There are only five members on SIRC so you would have to enlarge it to make it more efficient. The government's concern would be that they do not want people to be able to go to court for review, which you have to do and would only be fair after the SIRC process. You would not be able to cut that step out were SIRC hearing them, although even without SIRC and it just being the one level in Federal Court, if you look at the history of any of these cases, they are so complicated an legalistic because in most of them we are talking about the ultimate result being removal to torture. As counsel for the defence, we take whatever legal steps we can to defend people if we think they will be tortured back in their home country.

Therefore I do not think the SIRC process would be any more time consuming — and I do not think it was in the past — than is the present process. I applied a month ago for the court to expedite a review of a detention decision. It is another person in jail for four years on regular detention reviews. I have not heard back from the Federal Court. I could file a habeas corpus with the Ontario Superior Court on a Friday and have it heard on the Monday. The Federal Court is not equipped to deal with these kinds of cases. They do not have priorities or enough judges. It is not like the criminal courts that respond immediately and you have duty judges in a courtroom who hear things on an emergency basis. Federal Court is not set up like that.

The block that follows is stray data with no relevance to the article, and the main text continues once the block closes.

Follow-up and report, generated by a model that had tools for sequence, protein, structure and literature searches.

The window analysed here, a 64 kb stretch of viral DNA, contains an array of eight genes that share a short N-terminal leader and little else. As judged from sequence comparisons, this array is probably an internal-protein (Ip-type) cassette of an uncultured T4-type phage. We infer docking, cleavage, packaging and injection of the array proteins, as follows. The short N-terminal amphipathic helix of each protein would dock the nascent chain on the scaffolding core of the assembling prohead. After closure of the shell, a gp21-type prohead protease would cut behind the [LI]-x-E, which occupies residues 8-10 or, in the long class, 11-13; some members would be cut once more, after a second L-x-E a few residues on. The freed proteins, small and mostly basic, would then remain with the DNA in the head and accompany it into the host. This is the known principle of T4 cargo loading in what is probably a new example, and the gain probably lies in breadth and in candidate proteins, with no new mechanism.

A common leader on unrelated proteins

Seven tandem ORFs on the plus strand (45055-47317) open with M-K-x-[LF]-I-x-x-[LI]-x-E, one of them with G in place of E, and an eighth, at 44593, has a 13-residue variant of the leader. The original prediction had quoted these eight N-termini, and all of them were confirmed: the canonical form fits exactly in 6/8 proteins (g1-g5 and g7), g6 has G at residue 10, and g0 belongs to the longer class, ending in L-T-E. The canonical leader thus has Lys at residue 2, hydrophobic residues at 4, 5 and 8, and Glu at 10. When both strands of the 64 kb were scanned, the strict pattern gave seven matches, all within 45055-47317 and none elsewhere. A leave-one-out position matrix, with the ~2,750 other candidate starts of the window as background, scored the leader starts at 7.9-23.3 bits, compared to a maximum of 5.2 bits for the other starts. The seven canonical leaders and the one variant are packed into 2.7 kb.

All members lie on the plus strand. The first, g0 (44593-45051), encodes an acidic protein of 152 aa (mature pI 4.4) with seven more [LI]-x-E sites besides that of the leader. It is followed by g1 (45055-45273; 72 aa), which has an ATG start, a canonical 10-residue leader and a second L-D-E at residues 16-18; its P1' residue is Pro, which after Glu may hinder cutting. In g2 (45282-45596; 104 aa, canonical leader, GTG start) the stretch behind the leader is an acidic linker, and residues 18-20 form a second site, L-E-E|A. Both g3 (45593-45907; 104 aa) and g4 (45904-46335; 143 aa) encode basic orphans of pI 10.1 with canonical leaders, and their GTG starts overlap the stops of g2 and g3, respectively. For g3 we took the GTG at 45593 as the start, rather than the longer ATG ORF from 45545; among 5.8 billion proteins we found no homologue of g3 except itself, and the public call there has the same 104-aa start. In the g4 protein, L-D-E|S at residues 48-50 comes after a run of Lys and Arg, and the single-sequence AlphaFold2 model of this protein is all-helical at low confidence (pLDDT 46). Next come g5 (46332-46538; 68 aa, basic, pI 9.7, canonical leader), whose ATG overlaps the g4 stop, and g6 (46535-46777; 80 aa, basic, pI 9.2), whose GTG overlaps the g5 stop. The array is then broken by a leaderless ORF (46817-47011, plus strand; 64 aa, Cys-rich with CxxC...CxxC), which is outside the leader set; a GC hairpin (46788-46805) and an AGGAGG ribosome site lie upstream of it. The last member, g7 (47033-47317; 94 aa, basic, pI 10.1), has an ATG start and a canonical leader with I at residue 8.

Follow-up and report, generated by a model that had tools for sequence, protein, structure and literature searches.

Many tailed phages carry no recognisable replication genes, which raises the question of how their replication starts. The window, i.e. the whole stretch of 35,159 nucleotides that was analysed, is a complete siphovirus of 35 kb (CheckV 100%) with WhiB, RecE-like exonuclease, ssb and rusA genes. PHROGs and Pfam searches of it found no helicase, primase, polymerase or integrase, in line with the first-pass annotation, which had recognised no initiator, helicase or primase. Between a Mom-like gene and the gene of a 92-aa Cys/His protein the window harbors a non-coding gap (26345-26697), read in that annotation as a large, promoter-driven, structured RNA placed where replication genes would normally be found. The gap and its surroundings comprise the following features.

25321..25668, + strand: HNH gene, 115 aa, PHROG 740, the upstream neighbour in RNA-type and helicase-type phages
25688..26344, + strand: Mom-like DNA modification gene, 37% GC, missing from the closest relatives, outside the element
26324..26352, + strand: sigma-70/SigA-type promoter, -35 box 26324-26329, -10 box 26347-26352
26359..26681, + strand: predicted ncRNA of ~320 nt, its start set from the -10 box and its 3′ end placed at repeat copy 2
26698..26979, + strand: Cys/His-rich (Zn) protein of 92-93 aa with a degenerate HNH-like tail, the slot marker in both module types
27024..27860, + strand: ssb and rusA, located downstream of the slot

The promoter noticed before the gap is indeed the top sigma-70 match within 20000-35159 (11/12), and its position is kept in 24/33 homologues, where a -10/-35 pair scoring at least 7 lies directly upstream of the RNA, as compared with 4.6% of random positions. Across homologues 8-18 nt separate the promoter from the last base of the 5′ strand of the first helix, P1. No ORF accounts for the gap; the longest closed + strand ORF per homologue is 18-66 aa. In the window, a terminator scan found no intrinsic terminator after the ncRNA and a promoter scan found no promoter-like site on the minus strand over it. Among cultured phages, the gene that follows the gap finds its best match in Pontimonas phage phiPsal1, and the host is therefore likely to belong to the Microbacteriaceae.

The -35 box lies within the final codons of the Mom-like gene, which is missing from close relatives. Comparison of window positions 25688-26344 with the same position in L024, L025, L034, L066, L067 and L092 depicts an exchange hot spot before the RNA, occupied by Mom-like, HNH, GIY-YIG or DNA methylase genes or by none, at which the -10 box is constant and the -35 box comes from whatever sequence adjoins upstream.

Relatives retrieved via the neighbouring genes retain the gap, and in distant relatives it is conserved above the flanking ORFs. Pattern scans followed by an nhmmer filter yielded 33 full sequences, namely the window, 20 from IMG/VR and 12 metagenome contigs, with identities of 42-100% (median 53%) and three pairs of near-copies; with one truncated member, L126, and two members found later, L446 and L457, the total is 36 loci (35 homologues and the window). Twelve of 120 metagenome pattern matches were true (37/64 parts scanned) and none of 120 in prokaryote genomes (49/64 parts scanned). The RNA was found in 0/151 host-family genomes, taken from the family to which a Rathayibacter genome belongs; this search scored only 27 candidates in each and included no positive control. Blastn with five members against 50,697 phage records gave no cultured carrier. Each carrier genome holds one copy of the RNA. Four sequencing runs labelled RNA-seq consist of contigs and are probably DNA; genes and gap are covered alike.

Senator Jaffer: We have talked about what is happening in the U.K. They do not have the Charter. Does the Charter help you at all in your work?

Ms. Jackman: I wrote a paper I can provide to the committee in which I talked about how the Charter has not been as effective as it should be. A kind of double standard has developed. The Charter does help in our work, but the starting point for Charter analysis is the status of the person in Canada. That is used,I believe, to minimize the importance of rights.

For example, in the Ahani decision in the Court of Appeal, the judges said that section 7 of the Charter was not breached by the fact that there was no habeas corpus, no bail, nothing, for an indefinite period. The basis for that was that section 7 had to be looked at in light of the fact that he was not a citizen. Detention is a deprivation of liberty. It is a deprivation of a human right, not a citizen right. It is not a civil liberty but a human right. The Charter is not as effective as it could have been or should have been.